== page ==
Qualitative and quantatitve research


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Qualitative and quantatitve research

  1. 1. Epistemological Journey How can we collect data? How can we interpret data? How can we present data? Have you ever considered whether the data and the evidence you collected is valid and reliable? How do you determine validity and reliability in quantitative research? And what does it mean to have trustworthy information in qualitative research?
  3. 3. Lack of specificity Poorly Defined Research Problem Significance Relationshipbetweenstudyandexistingwork Contribution to the Field Objective or Questions Poor Method ProximitySampling Instruments StatisticalAnalysis Vocabulary Ethics Limitations of Study
  4. 4. Research Protocol 1. Aims and Objectives 2. Background- Why is this interesting, relevant, etc. 3. Methods- How with detailed description of data, including the setting, participants, analysis 4. Ethical issues- Human subjects, confidentiality 5. Resources- cost, skills, man-hours, computing time, etc. 6. Time scale- each phase of the project 7. Dissemination- who will you target and how will you disseminate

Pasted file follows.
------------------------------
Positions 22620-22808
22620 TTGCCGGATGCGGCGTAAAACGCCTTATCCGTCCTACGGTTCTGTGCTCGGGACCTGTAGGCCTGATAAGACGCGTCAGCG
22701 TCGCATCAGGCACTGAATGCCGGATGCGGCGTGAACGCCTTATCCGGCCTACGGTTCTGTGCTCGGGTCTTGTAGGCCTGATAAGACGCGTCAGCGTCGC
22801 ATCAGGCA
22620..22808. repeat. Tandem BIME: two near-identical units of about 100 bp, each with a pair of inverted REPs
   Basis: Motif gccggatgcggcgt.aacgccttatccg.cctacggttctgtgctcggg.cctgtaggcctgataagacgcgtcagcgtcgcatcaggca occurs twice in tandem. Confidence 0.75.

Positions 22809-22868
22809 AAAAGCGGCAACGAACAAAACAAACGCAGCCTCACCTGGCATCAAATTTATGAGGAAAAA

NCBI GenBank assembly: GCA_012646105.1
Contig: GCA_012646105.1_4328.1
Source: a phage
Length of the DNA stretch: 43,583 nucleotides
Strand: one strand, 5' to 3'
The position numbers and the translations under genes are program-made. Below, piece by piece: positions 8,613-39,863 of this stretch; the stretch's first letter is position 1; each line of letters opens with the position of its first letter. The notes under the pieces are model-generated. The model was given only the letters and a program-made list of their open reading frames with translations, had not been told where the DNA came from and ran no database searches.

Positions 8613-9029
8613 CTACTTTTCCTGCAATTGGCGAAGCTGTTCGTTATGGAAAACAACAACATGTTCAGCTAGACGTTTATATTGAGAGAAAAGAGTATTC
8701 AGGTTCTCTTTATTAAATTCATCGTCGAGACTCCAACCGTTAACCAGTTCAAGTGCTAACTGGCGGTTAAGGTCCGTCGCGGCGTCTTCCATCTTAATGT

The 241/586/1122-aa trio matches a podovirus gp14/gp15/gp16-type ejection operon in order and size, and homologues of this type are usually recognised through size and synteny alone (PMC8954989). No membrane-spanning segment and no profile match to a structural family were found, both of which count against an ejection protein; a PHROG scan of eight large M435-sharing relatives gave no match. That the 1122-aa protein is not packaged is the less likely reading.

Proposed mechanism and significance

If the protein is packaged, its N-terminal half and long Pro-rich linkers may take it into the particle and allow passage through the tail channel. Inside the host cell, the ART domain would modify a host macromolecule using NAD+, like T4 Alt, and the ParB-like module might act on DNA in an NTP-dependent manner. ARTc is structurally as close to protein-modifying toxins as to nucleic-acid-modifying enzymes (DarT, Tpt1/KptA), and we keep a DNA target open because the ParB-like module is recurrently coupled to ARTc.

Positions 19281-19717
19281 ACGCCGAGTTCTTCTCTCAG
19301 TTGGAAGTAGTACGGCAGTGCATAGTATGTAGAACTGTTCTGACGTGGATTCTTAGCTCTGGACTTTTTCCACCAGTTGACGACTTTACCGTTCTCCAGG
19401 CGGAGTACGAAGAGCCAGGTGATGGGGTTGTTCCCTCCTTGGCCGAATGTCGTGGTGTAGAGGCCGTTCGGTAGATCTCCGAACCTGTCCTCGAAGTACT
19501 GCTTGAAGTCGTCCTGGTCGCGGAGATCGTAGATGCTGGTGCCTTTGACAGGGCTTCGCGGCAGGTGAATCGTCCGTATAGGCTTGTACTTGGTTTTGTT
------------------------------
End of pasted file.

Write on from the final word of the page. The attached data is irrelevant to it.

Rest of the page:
5. 5. Criteria Qualitative Research Quantitative Research Purpose To understand & interpret social interactions. To test hypotheses, look at cause & effect, & make predictions. Group Studied Smaller & not randomly selected. Larger & randomly selected. Variables Study of the whole, not variables. Specific variables studied Type of Data Collected Words, images, or objects. Numbers and statistics. Form of Data Collected Qualitative data such as open- ended responses, interviews, participant observations, field notes, & reflections. Quantitative data based on precise measurements using structured & validated data- collection instruments. Type of Data Analysis Identify patterns, features, themes. Identify statistical relationships. Objectivity and Subjectivity Subjectivity is expected. Objectivity is critical. Role of Researcher Researcher & their biases may be known to participants in the study, & participant characteristics may be known to the researcher. Researcher & their biases are not known to participants in the study, & participant characteristics are deliberately hidden from the researcher (double blind studies). Results Particular or specialized findings that is less generalizable. Generalizable findings that can be applied to other populations. Scientific Method Exploratory or bottom–up: the researcher generates a new hypothesis and theory from the data collected. Confirmatory or top-down: the researcher tests the hypothesis and theory with the data. View of Human Behavior Dynamic, situational, social, & personal. Regular & predictable. Most Common Research Objectives Explore, discover, & construct. Describe, explain, & predict. Focus Wide-angle lens; examines the breadth & depth of phenomena. Narrow-angle lens; tests a specific hypotheses. Nature of Observation Study behavior in a natural environment. Study behavior under controlled conditions; isolate causal effects. Nature of Reality Multiple realities; subjective. Single reality; objective. Final Report Narrative report with contextual description & direct quotations from research participants. Statistical report with correlations, comparisons of means, & statistical